Friday, March 25, 2016

The new MIT Sloan logo and the alumni #nogologo campaign

(Updated with "final" logo in July 2016, see details at the bottom of the post) In late March, alumni of the MIT Sloan School of Management received an email from the school about the new branding. It included a logo sample. While the school obviously spent a lot of time and effort on this, the reaction I have seen from alumni has been mostly negative. There is even a social media campaign to get it changed (more on #nogologo below).

Before I get into the logo issue, I would like to point out that I have been blogging about MIT/MIT Sloan-related matters for years. I generally try to give a balanced, reasoned appraisal of the issues at hand, which you can see in some of my earlier posts such as MIT Sloan Fellows: One semester down, two to go and MIT Executive MBA gets a name change and An encounter with Tim Berners-Lee and the Semantic Web. I have tried to do the same with the following post, even though there is a fair amount of frustration in some quarters.

To start, I think it would be helpful to take a look at the old logo (sorry, I don't have anything bigger) to understand what Sloan used to have for branding:

Old MIT Sloan logo
Old logo

Here's the new logo:
New MIT Sloan logo and the #nogologo campaign
New MIT Sloan logo

Here's what the announcement to alumni said:
Three years ago, we kicked off a branding effort to tell our story, and clarify what makes MIT Sloan unique. We began by gathering quantitative and qualitative insights from our faculty, staff, students, and alumni. We then surveyed the global business community to understand their perceptions of MIT Sloan. Articulations as to our difference ranged across respondents. But what became clear across the board was that being the management school of MIT was a point of distinction—inextricable from our leaders and our work.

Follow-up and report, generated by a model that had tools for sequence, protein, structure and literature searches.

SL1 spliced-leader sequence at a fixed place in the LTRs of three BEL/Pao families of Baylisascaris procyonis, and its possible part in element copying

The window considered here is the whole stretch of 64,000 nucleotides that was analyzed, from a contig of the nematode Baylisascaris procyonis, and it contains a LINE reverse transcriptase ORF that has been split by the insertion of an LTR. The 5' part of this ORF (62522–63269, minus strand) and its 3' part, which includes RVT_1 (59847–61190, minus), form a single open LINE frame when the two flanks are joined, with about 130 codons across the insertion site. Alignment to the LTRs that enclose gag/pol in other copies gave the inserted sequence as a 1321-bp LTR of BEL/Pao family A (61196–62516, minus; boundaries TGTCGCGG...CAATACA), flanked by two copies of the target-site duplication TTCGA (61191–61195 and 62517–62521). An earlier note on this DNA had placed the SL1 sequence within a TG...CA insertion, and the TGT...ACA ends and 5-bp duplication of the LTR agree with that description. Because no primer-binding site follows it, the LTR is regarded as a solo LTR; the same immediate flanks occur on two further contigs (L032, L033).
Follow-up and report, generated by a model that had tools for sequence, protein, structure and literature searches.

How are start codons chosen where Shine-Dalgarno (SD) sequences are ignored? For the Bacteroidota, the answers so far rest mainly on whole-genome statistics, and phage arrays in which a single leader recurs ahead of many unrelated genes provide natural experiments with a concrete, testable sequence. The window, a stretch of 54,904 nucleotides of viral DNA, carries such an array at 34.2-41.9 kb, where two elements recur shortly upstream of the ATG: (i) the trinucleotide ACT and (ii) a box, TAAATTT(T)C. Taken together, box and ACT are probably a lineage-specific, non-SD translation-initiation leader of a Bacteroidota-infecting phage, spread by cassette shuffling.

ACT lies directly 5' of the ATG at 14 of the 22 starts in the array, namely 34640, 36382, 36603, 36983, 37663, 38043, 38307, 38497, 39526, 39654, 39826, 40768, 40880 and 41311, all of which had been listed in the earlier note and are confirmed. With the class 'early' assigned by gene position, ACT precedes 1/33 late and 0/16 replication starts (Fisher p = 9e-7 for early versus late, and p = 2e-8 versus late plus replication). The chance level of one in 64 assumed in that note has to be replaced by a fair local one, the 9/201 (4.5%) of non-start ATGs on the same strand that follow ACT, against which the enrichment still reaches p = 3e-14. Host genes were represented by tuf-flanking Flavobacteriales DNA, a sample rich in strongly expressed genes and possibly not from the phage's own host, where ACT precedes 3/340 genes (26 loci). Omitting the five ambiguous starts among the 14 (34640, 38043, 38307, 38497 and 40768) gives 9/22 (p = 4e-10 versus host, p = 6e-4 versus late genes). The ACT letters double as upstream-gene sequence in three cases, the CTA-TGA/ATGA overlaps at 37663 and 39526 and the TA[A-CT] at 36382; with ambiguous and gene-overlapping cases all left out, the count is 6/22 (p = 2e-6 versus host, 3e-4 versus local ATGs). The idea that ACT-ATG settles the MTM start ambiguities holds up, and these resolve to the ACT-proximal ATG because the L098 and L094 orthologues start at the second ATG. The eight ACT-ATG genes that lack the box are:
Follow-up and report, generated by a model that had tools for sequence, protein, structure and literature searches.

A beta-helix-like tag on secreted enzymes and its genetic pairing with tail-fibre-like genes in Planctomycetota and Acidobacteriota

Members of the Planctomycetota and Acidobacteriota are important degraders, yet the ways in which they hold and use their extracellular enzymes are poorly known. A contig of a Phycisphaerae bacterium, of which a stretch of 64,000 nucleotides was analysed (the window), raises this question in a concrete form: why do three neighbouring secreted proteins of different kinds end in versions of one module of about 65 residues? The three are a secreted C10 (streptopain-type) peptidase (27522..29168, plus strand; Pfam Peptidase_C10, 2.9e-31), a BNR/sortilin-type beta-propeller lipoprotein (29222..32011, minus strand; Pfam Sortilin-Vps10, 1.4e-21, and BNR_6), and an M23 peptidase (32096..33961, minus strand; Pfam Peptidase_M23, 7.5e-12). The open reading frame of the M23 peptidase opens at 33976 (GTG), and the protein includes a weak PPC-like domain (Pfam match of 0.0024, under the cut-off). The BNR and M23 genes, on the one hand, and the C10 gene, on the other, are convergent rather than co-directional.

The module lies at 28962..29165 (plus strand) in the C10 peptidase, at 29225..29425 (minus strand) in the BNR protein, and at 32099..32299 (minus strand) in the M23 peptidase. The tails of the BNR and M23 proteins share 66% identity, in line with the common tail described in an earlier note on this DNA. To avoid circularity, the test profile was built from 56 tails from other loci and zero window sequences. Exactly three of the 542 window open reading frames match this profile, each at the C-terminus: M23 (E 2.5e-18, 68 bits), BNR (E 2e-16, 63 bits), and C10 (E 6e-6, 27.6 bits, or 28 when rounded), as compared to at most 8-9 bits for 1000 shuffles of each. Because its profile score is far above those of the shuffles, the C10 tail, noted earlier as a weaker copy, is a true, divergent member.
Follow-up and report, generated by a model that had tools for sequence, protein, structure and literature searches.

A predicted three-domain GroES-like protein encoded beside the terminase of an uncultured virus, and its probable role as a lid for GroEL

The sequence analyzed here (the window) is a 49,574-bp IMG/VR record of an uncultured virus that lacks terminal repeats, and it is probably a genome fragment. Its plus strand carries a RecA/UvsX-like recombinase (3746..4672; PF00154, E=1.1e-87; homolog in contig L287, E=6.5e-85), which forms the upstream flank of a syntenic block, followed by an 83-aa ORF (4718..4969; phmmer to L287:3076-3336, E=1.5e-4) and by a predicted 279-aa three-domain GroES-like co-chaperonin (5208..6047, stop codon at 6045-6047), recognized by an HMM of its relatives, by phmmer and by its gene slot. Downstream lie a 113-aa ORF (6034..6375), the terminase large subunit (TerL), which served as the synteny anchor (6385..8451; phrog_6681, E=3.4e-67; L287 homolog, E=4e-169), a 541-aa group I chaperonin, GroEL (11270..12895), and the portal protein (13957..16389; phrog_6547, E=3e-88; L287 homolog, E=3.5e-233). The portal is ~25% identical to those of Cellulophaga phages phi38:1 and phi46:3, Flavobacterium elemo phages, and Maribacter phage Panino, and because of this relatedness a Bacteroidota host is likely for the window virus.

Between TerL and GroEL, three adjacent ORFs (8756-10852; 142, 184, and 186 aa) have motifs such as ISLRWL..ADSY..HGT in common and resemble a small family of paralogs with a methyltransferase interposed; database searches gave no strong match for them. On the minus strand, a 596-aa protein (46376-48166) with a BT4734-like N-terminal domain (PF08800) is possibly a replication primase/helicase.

From this data, we were inspired to celebrate how our community lives our mission statement as leaders who improve the world, generate ideas that advance management practice—and, true to the Institute’s motto of “mens et manus”—translate thinking into action. We demonstrate that smart is our baseline. Collaboration is our cultural norm. And that solving the world’s toughest problems isn’t a lofty ideal, but our preferred reality.

Our new brand embraces this momentum and difference as MIT’s management school. Our logo illustrates the connection between the School and Institute as the fuel for innovation. Our message elevates ideas made to matter—the inventions of our brilliant minds and nimble hands working out in the world, and for it.

As we’ve started sharing the brand concepts and pillars, many of which are reflected in this brief note, we've heard that they resonate with our community's experience of MIT Sloan, and with our feelings about our School. Who we are, what we do, and how we lead continues to be what the world needs and wants. We are everywhere the future is being made, and everywhere ideas are made to matter.

We wanted you to be among the first to see our new brand. You’ll see it represented in upcoming communications and events. But more than that, we hope you’ll see yourself in it. We certainly do.
It was signed by MIT Sloan's Senior Associate Dean for External Relations and International Programs.

My take: